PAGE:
5 Often-Overlooked Questions to Ask Your Financial Adviser in the New Year
Get your financial year off on the right foot by getting the answers to these key questions.
With the new year upon us, you’ve likely been giving some thought to your investment portfolio and your planning priorities for 2019. A new calendar year is always a great time to take a step back to reflect on your goals and reset your financial plan to make sure you are on track.
One of my favorite mantras is that great outcomes stem from asking great questions. This is also a useful way to think about your finances and can often save you from making costly mistakes.
Start 2019 one step ahead by asking your financial adviser these five commonly overlooked questions to help you optimize your finances.
1. How much am I paying in fees?
It's not always easy to get a handle on your investing costs, but you should know what you’re paying—and getting that information should be as easy as asking your adviser to spell it out for you. Do you know what your annual advisory fees are? That’s a great place to start. Then, ask your adviser to outline anything else you could be paying for, such as fund fees, account fees and transaction fees. While costs like operating expenses on ETFs or mutual funds are often inevitable, some products have higher fees than others, and it’s crucial to keep an eye on how they are affecting your returns.
2. What employer-sponsored savings accounts and financial benefits should I take advantage of?
Make time to ensure you’re taking full advantage of any employer-sponsored retirement plans, savings accounts or other financial benefits available to you. Your adviser can help you determine how your 401(k) fits into your broader retirement plan, as well as the best way to leverage other financial plans your employer might offer, like medical savings accounts (a flexible spending account or a health savings account) or employee stock purchase plans. Remember that if your employer offers contribution matching to your 401(k) it’s generally smart to take advantage of the full match. An additional benefit of any amount contributed by your employer is that it doesn’t count toward the annual IRS limit you can contribute yourself to max out your 401(k), meaning you can put more toward your retirement.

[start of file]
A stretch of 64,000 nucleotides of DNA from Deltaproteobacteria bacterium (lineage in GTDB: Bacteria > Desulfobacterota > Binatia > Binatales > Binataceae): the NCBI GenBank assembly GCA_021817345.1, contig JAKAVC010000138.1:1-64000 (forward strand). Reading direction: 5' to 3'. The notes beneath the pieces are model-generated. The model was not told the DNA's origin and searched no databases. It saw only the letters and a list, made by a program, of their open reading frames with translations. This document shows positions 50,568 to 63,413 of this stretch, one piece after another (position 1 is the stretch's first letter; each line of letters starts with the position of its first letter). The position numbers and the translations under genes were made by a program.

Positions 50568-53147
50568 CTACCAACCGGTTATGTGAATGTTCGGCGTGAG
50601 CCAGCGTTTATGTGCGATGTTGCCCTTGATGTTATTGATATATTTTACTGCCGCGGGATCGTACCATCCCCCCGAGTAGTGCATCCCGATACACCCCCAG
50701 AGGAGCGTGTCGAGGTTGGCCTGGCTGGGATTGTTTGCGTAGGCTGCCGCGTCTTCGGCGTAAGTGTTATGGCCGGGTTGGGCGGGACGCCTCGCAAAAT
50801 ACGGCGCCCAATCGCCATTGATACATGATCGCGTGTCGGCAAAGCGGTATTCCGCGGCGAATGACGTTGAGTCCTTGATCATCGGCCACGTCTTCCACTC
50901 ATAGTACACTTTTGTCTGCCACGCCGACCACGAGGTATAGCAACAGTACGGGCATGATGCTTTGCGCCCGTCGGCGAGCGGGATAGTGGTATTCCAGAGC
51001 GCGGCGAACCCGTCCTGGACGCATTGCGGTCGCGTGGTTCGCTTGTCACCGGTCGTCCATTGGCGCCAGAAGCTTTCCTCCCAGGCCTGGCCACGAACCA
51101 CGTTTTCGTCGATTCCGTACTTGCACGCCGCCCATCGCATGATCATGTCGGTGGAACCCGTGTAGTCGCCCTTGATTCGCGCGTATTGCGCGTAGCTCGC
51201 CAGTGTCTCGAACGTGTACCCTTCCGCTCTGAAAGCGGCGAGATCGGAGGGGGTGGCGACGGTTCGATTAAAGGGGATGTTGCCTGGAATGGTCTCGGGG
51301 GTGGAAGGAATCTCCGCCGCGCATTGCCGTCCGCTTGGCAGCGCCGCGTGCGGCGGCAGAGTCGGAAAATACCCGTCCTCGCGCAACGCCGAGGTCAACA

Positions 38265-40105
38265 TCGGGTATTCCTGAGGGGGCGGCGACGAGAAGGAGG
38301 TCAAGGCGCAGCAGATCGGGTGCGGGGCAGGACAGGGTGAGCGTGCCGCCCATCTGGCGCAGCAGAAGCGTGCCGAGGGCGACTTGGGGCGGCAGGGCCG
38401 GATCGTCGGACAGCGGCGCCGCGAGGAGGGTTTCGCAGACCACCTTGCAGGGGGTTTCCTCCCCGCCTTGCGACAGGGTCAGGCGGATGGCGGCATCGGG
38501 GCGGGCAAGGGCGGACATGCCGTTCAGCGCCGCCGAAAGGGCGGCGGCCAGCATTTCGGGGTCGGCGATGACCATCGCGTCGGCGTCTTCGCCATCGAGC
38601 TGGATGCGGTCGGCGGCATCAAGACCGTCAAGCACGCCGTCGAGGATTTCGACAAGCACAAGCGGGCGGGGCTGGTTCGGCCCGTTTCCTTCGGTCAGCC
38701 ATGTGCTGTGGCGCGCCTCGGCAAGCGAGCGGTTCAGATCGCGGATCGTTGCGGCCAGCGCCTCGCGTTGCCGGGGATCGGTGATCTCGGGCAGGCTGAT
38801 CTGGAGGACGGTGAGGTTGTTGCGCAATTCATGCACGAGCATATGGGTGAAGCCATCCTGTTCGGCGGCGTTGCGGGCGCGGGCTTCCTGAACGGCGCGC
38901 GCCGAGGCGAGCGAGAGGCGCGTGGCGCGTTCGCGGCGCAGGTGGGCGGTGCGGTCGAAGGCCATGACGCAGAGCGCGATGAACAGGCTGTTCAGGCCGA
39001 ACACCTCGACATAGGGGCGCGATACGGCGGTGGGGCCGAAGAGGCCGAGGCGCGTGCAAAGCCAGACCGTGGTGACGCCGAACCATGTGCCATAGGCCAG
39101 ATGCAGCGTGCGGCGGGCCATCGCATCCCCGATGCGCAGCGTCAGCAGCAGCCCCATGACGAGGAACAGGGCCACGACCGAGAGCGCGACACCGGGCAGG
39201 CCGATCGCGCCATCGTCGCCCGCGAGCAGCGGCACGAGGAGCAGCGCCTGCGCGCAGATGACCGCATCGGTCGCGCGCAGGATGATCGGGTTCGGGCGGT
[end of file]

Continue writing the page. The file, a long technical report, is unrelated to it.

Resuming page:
3. How do the (relatively) new tax laws impact me?
The Tax Cuts and Jobs Act that passed in late 2017 first took effect last tax season, but chances are you may still be adjusting to the changes, so it’s a good idea to look closely at how they affect you at the beginning of the year. A few noteworthy differences to be aware of are that most tax brackets are lower, the child tax credit has gone up, the allowance for itemized medical expense deductions increased, alimony payments are no longer deductible from taxable income, and inheritance tax exemptions have risen significantly. Even if you are aware of the new tax environment, you could have overlooked some of its effects. Be sure to speak with your financial adviser as well as a tax adviser about how these and other tax changes could impact your finances.
4. How much risk is appropriate for me right now?
The answer to this question is going to be different for every investor, and your financial adviser can help you determine how much risk within your portfolio is appropriate for you based on your age, financial situation, long-term goals and general level of risk aversion. It’s just as important to remember that your risk tolerance will likely change as you get closer to retirement and make more conservative financial moves, so it’s wise to re-evaluate where you stand periodically.
5. What other services are available to me?
Finally, ask your adviser what other services are available to you through their firm. Can they help you with your estate, legacy, tax, banking or other planning? These items may be important pieces of your financial plan. Don’t be afraid to ask what you get for your advisory fee to maximize your financial professional’s expertise or for a reference to an outside expert.
Most importantly, make sure any conversation with your financial adviser delves into your specific long-term goals and how you are tracking against them. A final question to ask during a sit-down might be as simple as, “What else should I be considering, and do you have a specific recommendation for me?” Your life stage, your needs and your goals are all unique to you. Your plan of attack for the new year should be the same.
About the Author
Branch Network Leader, Charles Schwab
Joe Vietri has been with Charles Schwab for more than 25 years. In his current role, he leads Schwab's branch network, managing more than 2,000 employees in more than 300 branches throughout the country.